The Microsoft 365 Defender Research Team has discovered two Linux privilege escalation flaws (tracked as CVE-2022-29799 and CVE-2022-29800) called “Nimbuspwn,” which can be exploited by attackers to conduct various malicious activities, including the deployment of malware.
“The vulnerabilities can be chained together to gain root privileges on Linux systems, allowing attackers to deploy payloads, like a root backdoor, and perform other malicious actions via arbitrary root code execution.” reads the advisory published by Microsoft.
The flaws can be exploited by attackers to achieve root access to the target systems and deploy by more sophisticated threats, such as ransomware.
The flaws reside in the systemd component called networked-dispatcher, which is dispatcher daemon for systemd-networkd connection status changes.
The review of the code flow for networkd-dispatcher revealed multiple security issues, including directory traversal, symlink race, and time-of-check-time-of-use race condition issues.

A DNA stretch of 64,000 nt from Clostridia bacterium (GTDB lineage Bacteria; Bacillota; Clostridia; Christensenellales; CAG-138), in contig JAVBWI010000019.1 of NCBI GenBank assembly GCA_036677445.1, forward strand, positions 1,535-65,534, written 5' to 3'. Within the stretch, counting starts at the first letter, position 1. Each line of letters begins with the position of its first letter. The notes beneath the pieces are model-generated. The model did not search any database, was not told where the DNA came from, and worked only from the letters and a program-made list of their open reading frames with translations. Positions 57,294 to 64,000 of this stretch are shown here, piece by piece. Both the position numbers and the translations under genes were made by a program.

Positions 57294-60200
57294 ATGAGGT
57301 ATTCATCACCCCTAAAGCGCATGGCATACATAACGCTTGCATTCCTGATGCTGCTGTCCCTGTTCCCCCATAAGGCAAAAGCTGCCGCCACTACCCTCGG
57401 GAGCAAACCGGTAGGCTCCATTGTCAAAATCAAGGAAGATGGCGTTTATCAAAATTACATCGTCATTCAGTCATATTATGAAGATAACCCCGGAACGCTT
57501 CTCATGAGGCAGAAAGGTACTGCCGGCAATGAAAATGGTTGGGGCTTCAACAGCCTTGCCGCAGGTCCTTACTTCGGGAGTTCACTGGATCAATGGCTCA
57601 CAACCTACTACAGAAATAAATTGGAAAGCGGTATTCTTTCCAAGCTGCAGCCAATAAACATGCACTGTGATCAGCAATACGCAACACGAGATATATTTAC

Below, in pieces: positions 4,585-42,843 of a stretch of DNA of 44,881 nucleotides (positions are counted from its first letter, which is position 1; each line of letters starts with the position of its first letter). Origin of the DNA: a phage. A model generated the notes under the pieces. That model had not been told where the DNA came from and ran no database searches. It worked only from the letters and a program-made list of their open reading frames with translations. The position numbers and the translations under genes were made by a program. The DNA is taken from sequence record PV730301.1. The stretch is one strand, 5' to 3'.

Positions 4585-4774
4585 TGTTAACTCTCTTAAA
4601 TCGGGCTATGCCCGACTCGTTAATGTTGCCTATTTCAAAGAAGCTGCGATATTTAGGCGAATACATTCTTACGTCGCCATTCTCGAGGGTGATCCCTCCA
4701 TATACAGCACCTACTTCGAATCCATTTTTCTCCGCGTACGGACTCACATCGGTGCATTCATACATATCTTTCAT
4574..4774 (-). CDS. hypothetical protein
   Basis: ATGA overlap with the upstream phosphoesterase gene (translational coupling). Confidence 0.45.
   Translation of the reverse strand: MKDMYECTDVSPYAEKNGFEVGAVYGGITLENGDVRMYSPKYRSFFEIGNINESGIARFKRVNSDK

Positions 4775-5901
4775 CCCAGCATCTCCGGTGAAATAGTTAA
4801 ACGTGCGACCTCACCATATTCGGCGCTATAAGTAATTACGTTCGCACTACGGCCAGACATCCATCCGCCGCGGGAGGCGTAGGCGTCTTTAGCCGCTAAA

The researchers started enumerating services that run as root and listen to messages on the System Bus, performing both code reviews and dynamic analysis.
Chaining the issues, an attacker in control of a rogue D-Bus service that can send an arbitrary signal, can deploy backdoors on the compromised final touches.
The researchers were able to develop their own exploit that runs an arbitrary script as root. The exploit also copies /bin/sh to the /tmp directory, sets /tmp/sh as a Set-UID (SUID) executable, and then invokes “/tmp/sh -p”. (the “-p” flag is necessary to force the shell to not drop privileges)
Researchers recommend users of networkd-dispatcher to update their installs.
“To address the specific vulnerabilities at play, Microsoft Defender for Endpoint’s endpoint detection and response (EDR) capabilities detect the directory traversal attack required to leverage Nimbuspwn.” concludes the post.
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(SecurityAffairs – hacking, Nimbuspwn flaws)